FILMbutton Friday Review – Elena

by marion schreiber for FILMbutton

Best Documentary Audience Award, Best Direction, Best Editing, Best Art Direction at the 45th Brasilia Film Festival in Documentary Category

Elena is a film about her life, Petra Costa’s life and the relationship that she had (has) with her sister. It’s a family portrait which tells Elena’s life through her sister Petra’s eyes. Elena is a young Brazilian girl who lived in a troubled political environment with her parents whom were committed to the Communist Party. When she was 15 years old, Elena had the habit of filming every moment spent with her family and especially her new baby sister, but suddenly she stopped filming because of the separation of her parents.

Elena with her new baby sister Petra

She started to build her dance career and became important & renowned in Brazil. But Elena was constantly dissatisfied, according to her sister, something was always missing…but what? That’s what Elena tried to find out in New York ,keeping in mind, she also wanted to be actress like her mother. So, Elena left behind her life in Brazil and her 7 years old sister. It is from this point that everything changes in her and her sister’s life.

Petra tells the story of her sister with home movies, newspaper clippings, a diary and letters. She tells how her sister falls step by step into solitude, depression and despair of not living through the arts and finally came to the decision of suicide.

This is an authentic film, which mixes home movies & current scenes to create an extremely intimate portrait of Petra’s family. Their is a voyeuristic feel for the viewer in which we feel like a spectator to Petra’s life. Through very particular filming techniques we see through Petra’s eyes, which is at the same time disturbing and fascinating. Through out the film Petra talks directly to her sister, and we see the impact her death took on her and her mother.

The heavy impact of Elena’s death on Petra manifests itself in feelings of guilt, depression and uncontrollable fears but fear of what? Fear of following her sister? Fear of losing somebody that she loves? It’s now time for Petra to analyse herself because she is walking in her sister’s footsteps. Indeed, she did theatre study; she went to New York in hopes to find her sister dancing in the streets. We notice that the features of the two sisters are confused now; we no longer know one from the other. In fact, at the same age of Elena, Petra resembled her sister in every way physically but it doesn’t stop there. Petra started having the same anxieties, she couldn’t sleep and had a constant pain in her chest. From that point a feeling of suffocation and misunderstanding of her & her sister’s life set in.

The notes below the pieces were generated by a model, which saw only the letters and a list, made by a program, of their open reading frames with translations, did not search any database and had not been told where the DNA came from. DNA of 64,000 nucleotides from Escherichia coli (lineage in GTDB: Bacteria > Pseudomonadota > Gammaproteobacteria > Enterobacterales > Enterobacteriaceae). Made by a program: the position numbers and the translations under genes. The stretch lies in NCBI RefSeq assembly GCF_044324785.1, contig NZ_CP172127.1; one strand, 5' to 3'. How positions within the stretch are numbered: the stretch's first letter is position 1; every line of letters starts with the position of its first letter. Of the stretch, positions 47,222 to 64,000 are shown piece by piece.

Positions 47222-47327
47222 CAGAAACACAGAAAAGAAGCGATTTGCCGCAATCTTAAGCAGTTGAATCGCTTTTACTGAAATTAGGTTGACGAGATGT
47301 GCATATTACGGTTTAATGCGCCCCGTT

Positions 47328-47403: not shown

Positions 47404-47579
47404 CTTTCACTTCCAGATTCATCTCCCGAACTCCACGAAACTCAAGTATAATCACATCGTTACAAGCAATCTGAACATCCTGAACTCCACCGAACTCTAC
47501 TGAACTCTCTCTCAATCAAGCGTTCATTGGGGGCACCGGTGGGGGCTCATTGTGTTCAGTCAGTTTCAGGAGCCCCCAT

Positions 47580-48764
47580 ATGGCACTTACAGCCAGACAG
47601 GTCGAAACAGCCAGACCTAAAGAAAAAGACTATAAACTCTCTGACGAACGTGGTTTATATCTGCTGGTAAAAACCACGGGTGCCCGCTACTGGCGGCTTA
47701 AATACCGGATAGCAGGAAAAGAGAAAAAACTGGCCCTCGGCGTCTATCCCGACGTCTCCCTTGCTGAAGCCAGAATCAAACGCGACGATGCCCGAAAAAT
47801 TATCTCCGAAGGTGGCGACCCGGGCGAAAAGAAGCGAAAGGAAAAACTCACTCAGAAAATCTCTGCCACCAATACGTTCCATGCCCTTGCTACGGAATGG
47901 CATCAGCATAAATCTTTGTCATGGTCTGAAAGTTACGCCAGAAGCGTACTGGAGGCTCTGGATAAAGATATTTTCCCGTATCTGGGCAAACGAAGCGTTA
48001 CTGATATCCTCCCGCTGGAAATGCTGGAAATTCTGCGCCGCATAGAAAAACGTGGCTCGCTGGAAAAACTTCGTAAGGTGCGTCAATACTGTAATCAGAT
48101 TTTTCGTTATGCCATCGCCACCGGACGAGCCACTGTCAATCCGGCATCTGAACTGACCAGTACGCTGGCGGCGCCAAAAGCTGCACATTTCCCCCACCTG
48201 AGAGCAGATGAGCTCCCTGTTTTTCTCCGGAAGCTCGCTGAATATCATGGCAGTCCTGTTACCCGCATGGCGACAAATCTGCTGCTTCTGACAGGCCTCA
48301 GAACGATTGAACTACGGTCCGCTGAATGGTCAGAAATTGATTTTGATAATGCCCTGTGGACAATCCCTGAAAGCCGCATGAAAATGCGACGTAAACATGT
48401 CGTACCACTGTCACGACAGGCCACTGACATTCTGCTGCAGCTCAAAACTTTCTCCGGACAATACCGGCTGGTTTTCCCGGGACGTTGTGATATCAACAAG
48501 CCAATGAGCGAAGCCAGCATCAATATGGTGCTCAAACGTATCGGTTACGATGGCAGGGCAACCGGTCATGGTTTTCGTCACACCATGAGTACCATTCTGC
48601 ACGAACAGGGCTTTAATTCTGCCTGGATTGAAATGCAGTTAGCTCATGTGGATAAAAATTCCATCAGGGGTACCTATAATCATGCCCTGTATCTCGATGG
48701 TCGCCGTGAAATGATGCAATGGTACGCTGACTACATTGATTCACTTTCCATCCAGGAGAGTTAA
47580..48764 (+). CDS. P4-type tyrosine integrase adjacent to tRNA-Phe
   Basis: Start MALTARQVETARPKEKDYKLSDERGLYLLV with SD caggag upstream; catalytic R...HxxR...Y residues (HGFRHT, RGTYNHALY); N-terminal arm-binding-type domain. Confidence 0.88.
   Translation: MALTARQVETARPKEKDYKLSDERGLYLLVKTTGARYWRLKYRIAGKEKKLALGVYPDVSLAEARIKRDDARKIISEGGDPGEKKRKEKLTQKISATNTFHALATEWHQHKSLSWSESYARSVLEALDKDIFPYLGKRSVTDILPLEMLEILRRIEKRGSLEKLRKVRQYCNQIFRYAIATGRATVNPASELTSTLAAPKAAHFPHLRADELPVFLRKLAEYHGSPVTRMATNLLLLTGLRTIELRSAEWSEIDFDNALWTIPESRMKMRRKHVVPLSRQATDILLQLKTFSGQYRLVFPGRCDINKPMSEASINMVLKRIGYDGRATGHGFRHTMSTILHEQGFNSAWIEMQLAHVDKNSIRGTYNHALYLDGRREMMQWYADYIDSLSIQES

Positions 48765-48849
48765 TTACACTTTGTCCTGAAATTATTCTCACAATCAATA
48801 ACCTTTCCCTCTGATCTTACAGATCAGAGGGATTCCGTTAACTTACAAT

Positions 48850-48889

That’s why she asked herself in her film “What’s my role in this film?” But isn’t it really the film about Petra’s life? Isn’t it a way of bringing back her sister to life? All these questions from this film accumulate again and again to end by a scream, a scream to life which is fighting against an inconsolable souvenir. Petra Costa through this film revives a ghost in her last dance in swirling and twisting on herself to be one with it, her life and her love to her sister. So, we are voyeurs and assist in an exorcism of Elena’s spirit so Petra can let her go and move on.

As a spectator, we are on a tightrope dancing between the limits of curiosity and discomfort watching this bruised family story unfold. This is a fabulous movie both in aesthetics, narrative and the metaphors made to present a simple message that one can relate too. It’s an open book to Petra Costa’s life, fascinating, intimate and touching which deserves to be watched and, hopefully, understood.

For more information on film please visit website

Marion Schreiber has a Master Degree in Cultural Management from University Aix Marseille III & a Master Degree in Communication and Events from La Sorbonne Nouvelle University in Paris. Her passions include film, travel and anything to do with the Arts.

One Response to "FILMbutton Friday Review – Elena"

  1. Pingback: ELENA | The Film

Comments are closed.